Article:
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MSG - What's wrong with MSG?

What's wrong with MSG?

Lynne Brown
BSc Hons, HDE, Dip Clin Nutr

If it tastes too good to be true then ten-to-one it is laced with monosodium glutamate (MSG), the flavour enhancer that’s toxic to the human body and brain.

And if you only think of Chinese Restaurants or Chinese Take-Aways when MSG is mentioned, then think again! Its presence has spread like a virus, in epidemic proportions and is currently used in some form in almost every single processed, pre-cooked and pre-packaged food manufactured today. You will find it in savoury foods such as potato crisps, sauces, burgers, salad dressings, condiments, stock cubes, soy sauce, soups and gravies but also in processed lunch meats, sausages, crab sticks and most diet foods. What wheat is to bread, MSG is to almost all flavoured foods.

MSG by another name

Added MSG should be identified on a food label as either monosodium glutamate (MSG) or E621. It is compulsory to use these terms for ingredients that are a 99% pure combination of glutamic acid and sodium. However most of the MSG-containing foods are not 99% pure and are allowed to be labeled obscurely: “Monopotassium glutamate”, “autolysed yeast”, hydrolyzed vegetable proteins/HVP (watch out for this in processed baby foods), “hydrolysed soy protein” and “sodium caseinate” are just some examples of ingredients that contain MSG. Read the labels on the items in your pantry today and then resolve to use your buying power to show that you don't accept the use of MSG or any of its hidden forms.

Symptoms of toxicity

It is believed that as much as 25% of the population may be sensitive to MSG. Reported MSG reactions which can occur as a result of consuming even small amounts (much less than ½ g) include: migraines, hives, mouth eruptions, numbness, tingling, swelling of mucous membranes or throat, asthma, runny nose, insomnia, seizures, mood swings, panic attacks, diarrhea, muscle aches, rapid heartbeat, chest pains and drop in blood pressure. People may think they are having a heart attack when they are merely sensitive to MSG.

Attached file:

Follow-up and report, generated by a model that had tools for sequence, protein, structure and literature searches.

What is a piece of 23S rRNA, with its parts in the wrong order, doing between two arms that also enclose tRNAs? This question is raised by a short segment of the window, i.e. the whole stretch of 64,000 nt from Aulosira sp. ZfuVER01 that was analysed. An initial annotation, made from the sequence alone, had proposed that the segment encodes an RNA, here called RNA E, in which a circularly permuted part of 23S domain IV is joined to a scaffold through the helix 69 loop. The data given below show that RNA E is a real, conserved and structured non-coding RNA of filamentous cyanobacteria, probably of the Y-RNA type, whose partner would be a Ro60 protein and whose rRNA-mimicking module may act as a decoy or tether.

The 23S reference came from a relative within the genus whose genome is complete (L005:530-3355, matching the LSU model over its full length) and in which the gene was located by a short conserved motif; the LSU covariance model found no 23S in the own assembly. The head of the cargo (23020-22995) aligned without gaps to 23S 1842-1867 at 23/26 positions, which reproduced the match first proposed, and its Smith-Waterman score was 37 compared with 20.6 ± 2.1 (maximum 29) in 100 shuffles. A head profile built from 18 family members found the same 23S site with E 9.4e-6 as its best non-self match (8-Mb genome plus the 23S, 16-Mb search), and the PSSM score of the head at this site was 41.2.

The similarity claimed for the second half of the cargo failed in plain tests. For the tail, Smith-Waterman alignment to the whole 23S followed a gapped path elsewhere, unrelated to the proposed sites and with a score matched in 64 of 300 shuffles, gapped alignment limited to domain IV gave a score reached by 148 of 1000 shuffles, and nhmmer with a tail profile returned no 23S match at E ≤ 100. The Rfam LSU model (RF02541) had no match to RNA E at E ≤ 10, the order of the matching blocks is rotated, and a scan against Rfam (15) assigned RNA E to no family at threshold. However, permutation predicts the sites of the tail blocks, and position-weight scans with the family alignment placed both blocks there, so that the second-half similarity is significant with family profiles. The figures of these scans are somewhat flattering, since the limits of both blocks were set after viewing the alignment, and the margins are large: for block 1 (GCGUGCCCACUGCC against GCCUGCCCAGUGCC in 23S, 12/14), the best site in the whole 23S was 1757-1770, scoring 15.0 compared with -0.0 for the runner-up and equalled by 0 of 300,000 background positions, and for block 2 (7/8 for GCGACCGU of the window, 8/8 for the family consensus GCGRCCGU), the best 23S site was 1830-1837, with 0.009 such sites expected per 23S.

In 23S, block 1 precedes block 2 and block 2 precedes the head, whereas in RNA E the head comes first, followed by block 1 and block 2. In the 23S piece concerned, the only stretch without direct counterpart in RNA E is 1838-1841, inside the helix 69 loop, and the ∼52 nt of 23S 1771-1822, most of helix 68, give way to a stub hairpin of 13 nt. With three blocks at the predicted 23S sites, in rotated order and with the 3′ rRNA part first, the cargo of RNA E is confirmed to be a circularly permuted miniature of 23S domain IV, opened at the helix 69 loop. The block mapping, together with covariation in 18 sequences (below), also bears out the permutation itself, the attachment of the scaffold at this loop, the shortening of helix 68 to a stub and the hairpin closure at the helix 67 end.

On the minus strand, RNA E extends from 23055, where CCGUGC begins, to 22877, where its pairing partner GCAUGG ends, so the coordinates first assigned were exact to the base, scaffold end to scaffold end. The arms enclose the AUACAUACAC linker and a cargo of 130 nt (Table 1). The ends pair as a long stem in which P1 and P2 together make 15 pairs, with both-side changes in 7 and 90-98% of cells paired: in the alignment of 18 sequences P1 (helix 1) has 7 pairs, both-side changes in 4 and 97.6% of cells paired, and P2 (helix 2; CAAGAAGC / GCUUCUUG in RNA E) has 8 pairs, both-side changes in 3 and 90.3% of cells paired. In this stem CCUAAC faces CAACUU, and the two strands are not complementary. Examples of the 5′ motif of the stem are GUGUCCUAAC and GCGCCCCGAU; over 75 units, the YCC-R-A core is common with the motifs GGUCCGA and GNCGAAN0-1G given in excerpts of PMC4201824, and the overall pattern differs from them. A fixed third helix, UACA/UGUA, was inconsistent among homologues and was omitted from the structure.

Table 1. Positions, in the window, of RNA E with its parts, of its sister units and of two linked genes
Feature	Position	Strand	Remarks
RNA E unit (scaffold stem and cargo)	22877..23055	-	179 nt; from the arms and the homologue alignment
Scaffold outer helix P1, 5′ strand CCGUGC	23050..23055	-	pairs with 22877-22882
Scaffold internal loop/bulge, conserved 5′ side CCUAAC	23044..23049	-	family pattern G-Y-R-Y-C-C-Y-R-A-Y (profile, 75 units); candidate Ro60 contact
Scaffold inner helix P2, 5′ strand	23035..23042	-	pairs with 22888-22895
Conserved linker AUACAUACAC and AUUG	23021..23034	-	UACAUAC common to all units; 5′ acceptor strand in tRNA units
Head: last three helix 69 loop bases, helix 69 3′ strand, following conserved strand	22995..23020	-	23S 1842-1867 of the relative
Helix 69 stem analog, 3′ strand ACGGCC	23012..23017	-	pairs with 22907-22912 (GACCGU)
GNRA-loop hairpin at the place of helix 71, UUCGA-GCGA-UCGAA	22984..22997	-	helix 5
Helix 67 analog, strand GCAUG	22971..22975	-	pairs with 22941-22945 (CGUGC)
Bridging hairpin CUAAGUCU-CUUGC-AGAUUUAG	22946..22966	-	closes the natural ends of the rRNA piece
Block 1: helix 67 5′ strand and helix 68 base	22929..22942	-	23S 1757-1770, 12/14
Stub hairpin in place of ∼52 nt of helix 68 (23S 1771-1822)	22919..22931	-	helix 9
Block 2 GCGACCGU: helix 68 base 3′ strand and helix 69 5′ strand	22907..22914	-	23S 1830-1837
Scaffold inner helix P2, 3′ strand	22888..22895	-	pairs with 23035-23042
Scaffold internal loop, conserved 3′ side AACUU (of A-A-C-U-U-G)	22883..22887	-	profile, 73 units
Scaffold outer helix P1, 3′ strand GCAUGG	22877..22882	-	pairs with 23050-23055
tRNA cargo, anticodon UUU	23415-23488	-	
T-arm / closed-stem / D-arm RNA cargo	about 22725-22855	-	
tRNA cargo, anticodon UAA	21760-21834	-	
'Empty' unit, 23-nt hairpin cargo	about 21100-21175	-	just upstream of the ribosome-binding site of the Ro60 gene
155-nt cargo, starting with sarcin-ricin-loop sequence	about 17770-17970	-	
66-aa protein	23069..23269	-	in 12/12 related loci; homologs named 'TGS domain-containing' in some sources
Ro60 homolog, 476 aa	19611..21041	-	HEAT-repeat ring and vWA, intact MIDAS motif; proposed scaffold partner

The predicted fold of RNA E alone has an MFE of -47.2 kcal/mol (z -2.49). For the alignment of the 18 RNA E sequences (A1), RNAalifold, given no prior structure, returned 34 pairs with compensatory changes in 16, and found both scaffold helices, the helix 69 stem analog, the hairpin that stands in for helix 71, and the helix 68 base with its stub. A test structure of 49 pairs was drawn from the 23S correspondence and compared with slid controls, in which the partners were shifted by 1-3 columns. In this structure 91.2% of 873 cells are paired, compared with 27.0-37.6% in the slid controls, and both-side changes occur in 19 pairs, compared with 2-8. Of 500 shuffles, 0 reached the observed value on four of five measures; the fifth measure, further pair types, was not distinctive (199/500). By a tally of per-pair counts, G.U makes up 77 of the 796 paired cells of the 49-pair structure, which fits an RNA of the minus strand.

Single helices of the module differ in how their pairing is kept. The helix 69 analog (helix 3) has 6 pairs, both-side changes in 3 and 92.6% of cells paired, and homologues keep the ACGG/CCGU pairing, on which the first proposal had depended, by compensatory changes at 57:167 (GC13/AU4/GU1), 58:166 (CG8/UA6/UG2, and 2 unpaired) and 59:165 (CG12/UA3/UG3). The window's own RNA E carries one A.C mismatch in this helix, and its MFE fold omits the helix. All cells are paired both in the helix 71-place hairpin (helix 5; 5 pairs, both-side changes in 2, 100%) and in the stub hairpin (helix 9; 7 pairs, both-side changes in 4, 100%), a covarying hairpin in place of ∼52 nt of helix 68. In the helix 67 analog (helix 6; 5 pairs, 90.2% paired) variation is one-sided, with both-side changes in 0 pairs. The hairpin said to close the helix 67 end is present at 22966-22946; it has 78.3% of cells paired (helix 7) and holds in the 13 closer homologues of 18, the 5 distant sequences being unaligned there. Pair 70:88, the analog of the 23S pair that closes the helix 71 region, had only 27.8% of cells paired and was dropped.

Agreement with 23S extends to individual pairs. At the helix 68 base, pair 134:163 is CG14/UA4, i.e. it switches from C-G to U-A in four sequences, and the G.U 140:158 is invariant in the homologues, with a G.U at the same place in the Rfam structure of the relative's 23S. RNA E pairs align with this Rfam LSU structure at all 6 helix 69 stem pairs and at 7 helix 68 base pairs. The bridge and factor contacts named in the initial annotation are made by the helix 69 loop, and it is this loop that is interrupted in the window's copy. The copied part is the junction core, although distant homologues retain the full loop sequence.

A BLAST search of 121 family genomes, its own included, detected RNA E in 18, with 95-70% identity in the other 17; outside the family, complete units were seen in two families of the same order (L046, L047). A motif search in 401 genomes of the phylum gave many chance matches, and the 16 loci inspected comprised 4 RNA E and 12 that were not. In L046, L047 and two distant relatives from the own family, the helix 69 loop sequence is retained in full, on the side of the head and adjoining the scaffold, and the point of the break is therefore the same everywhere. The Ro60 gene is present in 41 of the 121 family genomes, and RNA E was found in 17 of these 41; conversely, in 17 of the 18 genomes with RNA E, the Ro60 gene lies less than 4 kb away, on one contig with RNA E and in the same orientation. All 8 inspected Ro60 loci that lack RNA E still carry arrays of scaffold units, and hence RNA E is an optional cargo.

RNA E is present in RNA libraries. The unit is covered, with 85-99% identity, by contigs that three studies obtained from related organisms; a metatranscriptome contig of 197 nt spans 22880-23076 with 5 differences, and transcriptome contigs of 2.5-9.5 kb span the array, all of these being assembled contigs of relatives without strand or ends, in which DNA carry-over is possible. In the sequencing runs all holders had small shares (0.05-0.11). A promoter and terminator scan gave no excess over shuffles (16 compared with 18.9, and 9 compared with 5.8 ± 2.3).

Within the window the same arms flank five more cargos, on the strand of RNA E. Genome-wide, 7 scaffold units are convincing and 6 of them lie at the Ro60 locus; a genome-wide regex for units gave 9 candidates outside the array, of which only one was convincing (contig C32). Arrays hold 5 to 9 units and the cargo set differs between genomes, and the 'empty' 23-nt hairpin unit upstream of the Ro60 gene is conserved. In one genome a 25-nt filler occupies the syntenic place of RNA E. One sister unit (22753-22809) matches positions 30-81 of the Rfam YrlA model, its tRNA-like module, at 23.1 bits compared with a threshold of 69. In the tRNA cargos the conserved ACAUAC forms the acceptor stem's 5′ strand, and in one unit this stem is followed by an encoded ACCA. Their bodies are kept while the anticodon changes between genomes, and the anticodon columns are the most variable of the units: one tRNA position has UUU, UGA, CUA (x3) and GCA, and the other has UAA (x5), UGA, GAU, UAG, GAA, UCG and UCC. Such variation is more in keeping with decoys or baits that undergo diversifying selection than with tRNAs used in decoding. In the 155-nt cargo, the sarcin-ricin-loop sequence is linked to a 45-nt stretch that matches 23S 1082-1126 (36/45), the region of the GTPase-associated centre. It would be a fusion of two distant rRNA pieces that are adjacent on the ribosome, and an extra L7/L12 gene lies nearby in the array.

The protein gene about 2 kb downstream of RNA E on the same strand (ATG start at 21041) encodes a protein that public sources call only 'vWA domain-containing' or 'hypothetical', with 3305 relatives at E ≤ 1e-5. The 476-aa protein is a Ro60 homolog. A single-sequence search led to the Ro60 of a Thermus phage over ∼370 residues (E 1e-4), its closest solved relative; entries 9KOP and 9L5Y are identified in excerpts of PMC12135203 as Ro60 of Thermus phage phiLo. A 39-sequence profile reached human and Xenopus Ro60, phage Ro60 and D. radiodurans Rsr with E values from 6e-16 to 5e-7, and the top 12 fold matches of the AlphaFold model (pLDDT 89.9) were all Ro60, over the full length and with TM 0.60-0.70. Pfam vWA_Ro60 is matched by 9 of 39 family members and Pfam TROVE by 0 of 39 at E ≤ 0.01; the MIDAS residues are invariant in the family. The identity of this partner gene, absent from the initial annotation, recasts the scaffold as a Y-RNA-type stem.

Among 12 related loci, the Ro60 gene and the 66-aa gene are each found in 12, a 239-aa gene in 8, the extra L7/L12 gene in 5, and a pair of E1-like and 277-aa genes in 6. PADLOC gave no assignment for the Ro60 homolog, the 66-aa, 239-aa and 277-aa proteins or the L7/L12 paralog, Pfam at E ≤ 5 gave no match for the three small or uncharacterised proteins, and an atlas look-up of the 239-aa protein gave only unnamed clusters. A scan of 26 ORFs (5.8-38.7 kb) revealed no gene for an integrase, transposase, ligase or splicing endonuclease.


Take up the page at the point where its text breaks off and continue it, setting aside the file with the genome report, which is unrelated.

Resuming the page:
Reaction time varies, from shortly after consumption, to delayed reactions of up to 48 hours after ingestion.

MSG and the brain

Recent research has proposed that too much glutamate causes excessive brain cell excitation which can lead to cell death. It has been further suggested that this could play a part in neurodegenerative diseases such as Alzheimer's, Parkinson's and Huntington's.

MSG and obesity

If fried chips had a warning printed on the bag that said, "Warning: these chips will make you obese," would you still eat them? There is no such warning but if the ingredient list includes MSG, then think of it as such a warning.

Since no strain of rat or mice is naturally obese, scientists have to create them in order to study obesity. They do this by injecting them with MSG when they are first born. The MSG triples the amount of insulin the pancreas produces, causing rats to become insulin resistant and obese. A study of diabetics showed that MSG led to increased consumption of food to which MSG had been added. For this reason MSG could be classed as addictive. Ever noticed how difficult it is to stop eating those potato crisps once you start? Parents should really refrain from putting packets of crisps into children’s lunch boxes.

Should you avoid it?

If you know that you react to MSG you should certainly avoid it entirely.  For the rest of us, it makes sense to keep intake as low as possible and above all keep children off foods with added MSG altogether. Of course, since MSG is only added to processed food, if you are eating primarily whole foods, which I recommend you do, then you will come across very little MSG.

The bottom line is do you really know what you’re putting in your mouth? Take charge of your future and your health by becoming an informed, discriminating consumer.

Disclaimer: All information here is for educational purposes only and is not meant to cure, heal, diagnose nor treat. This information must not be used as a replacement for medical advice, nor can the writer take any responsibility for anyone using the information instead of consulting a healthcare professional.  All serious disease needs a physician.

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